Becoming a Good Shepherd

This morning we have one of the most common images within scripture: the Sheep and the Shepherd.

I served as an intern at the Lutheran Church of the Good Shepherd, where I was in charge of the Senior High Youth program for a while. During that time, I created a Facebook page with this picture of sheep as our primary picture.


The administrative manager within a couple of hours had come upstairs to my office and informed me that I needed to change the picture because “we might be the Lutheran Church of the Good Shepherd but we are not sheep”.  

I see some confused and strange looks.. and I had the same looks on my own face.

There are plenty of scriptures that refer to us as the sheep and the fold/flock. However, in our time and place being “sheep” has come to mean “mindless follower”.

BUT, how many have interacted with sheep? Sheep have a mind of their own.

I took this picture while in Ireland (Bushmills, Northern Ireland). I had been determined to capture an idealistic picture of sheep laying in pasture, because that is the image we all have of sheep and of Ireland. However, every time the opportunity had arrived we were in the car driving just a little too fast for me to capture the picture.

In fact, the previous picture of sheep I had captured was when a fold were running on the road in front of our rental car. As we sped up, they sped up. As we honked the horn, they sped up until eventually disbursing to the sides of the road and letting us through.

It was that evening when we arrived to our Bed and Breakfast that I was greeted by sheep laying in the pasture of the side yard. I FINALLY got my picture.

When we hear the passages in scripture about sheep and the shepherd, we hold to this idealistic image. We think of the good shepherd, not the hired hand. We think of Christ with the lamb gently laying on his shoulders, not the rough and tough shepherd defending his flock against threats of thieves and wolves.

There is no doubt that Jesus the Christ is our Good Shepherd. We listened to the familiar words of Psalm 23, which we heard the role of a good shepherd:

  • provide for every need of the sheep,
  • provide a place for the sheep to find rest,
  • provide shelter and safety for the sheep,
  • provide comfort when the sheep are lost and/or scared, and
  • to care for the sheep.

BUT, how often do we hear these passages and ponder our calling to be good shepherds, like Christ?

How often do we think about our responsibility to live into and live out our baptismal promises:

  • to proclaim the Word of God through word and deed in love,
  • to seek justice in love,
  • to act with compassion and mercy in love, and
  • to serve all people in love.

Our First John reading has a reoccurring theme from the author John which is that we have been commanded to show the world who are teacher is, who our Good Shepherd is, even after he has had to leave us. It is to love another not as the gospels of Mark, Matthew, and Luke commend which is to love God with all our heart, mind, and soul as well as love our neighbors as ourselves. AGAIN, there are loopholes because we do not always like or love ourselves…but John is very clear, it is to love another as Christ first loved us (no loopholes).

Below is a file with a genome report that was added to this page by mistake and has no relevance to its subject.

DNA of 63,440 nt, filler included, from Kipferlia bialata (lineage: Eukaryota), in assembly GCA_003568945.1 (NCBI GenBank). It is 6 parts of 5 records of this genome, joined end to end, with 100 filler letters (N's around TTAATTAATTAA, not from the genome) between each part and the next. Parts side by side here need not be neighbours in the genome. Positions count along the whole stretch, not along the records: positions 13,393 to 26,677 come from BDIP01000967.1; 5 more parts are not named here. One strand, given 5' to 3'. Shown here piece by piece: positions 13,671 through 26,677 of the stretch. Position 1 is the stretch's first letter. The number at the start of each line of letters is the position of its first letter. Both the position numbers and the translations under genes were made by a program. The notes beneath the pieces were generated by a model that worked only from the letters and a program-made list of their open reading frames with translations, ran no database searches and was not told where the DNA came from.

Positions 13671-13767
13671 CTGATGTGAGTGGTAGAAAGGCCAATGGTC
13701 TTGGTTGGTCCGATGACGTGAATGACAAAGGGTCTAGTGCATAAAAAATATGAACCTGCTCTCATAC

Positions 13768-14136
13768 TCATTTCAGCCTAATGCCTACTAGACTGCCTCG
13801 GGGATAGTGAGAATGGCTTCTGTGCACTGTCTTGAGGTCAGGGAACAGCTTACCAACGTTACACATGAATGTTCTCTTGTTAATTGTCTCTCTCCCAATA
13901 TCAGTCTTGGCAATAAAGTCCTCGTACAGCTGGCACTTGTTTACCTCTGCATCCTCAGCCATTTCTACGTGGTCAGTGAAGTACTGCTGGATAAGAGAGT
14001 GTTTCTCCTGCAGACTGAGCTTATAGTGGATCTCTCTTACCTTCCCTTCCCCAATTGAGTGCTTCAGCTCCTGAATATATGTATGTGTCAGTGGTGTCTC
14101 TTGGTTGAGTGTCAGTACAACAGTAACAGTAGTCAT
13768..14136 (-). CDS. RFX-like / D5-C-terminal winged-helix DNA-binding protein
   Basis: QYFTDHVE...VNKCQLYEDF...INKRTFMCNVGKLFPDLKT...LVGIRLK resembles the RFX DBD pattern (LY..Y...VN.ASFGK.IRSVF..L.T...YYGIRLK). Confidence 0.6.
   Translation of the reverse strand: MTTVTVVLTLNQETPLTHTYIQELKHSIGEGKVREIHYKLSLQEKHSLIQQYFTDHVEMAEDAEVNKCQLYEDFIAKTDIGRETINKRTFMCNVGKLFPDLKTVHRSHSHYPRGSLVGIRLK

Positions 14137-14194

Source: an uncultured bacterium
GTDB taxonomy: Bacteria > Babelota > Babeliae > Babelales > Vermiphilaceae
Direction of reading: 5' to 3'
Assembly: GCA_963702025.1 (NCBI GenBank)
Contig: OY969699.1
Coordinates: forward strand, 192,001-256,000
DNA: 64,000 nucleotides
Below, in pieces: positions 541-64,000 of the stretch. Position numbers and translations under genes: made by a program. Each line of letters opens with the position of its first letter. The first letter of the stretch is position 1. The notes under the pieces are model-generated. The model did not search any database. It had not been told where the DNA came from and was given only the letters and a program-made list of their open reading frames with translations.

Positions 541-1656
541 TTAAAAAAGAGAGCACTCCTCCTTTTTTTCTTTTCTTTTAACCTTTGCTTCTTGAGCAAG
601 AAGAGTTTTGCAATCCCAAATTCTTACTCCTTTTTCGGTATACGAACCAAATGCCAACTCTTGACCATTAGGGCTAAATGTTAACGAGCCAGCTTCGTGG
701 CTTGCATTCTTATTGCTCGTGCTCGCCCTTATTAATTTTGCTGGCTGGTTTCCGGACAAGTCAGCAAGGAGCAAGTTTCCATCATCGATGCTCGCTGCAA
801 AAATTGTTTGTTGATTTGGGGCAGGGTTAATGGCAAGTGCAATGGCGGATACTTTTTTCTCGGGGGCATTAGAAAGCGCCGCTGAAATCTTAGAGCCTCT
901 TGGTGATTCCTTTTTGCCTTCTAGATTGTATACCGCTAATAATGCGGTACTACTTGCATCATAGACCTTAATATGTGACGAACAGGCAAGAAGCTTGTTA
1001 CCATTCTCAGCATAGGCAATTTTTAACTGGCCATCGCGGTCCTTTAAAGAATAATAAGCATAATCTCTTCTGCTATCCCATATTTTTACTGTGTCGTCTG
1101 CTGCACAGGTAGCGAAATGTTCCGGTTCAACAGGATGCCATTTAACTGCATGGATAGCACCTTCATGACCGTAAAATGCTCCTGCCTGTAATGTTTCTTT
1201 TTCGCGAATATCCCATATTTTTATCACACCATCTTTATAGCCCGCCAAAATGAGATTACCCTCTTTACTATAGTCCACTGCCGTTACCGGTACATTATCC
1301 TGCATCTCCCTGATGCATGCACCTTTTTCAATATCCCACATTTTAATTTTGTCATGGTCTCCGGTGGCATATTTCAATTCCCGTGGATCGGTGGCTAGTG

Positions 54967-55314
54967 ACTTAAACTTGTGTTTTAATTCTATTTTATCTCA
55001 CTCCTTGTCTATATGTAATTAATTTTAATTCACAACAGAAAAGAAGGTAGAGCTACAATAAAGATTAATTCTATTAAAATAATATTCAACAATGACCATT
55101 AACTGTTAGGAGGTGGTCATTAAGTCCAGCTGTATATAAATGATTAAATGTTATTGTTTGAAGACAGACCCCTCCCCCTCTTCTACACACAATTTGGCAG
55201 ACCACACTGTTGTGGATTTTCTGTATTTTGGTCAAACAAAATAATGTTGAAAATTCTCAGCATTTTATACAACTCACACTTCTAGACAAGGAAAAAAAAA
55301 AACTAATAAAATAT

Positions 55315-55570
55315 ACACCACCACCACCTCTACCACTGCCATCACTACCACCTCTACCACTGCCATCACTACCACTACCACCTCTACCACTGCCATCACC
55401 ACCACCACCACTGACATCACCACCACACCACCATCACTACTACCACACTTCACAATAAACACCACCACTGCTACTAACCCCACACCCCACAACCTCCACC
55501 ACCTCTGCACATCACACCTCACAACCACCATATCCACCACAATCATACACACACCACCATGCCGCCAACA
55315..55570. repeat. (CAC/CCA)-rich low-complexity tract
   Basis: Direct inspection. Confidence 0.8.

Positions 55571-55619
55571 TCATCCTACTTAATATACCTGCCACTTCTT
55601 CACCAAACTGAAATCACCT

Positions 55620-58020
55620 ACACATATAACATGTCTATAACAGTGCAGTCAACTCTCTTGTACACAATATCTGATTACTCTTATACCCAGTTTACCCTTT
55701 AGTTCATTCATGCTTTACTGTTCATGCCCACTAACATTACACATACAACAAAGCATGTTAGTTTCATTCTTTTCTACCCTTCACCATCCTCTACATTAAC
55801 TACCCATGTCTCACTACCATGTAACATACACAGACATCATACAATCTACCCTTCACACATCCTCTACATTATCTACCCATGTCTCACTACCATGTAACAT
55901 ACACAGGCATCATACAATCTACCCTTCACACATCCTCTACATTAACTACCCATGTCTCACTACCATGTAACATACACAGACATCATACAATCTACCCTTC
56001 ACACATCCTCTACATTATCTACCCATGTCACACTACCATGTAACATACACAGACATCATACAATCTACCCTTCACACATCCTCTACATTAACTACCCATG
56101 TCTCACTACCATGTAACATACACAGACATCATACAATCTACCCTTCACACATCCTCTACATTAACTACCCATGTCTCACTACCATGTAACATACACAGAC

We have that theme echoed with the idea that you cannot love God if you do not love your neighbor (How does God’s love abide in anyone who has the world’s goods and sees a brother or sister in need and yet refuses to help? – 1 John 3:17). John argues that one cannot love God whom they have not seen face-to-face if we cannot have love/care for the person standing next to us.

We can take that same thought further: today is Earth Day.
How can we love the whole of God’s creation if we cannot love/care for the creation in our time and place?

That is the challenge of being a good shepherd. It is EXHAUSTING.

It is exhausting to care for ALL people, ALL creatures, and ALL creation.
Thus, we live in the gray-zone and paradox of our calling to be both the good shepherd and a sheep of the fold.

Before I was ordained, a pastor who had served my home congregation said:

I will give you the same advice I was given at my ordination. I was given two feed buckets and told “remember to keep these full because if you do not keep your own feed buckets full, how do you expect to feed others from it”. 

My hope is that during this Easter season, we consider how to be a people, a church, a world in this post-resurrection of Christ era which can be scary and exhausting.

My hope is that we can answer the call to be good shepherds AND find the pastures of rest and restoration that our Good Shepherd provides.

It is a life-long dance, but may we get out on that dance floor and join it. Amen.


Scriptures were Psalm 23, 1 John 3:16-24, and John 10:11-18.
Originally Preached on April 22, 2018 at Trinity Lutheran Church (Union City, IN).

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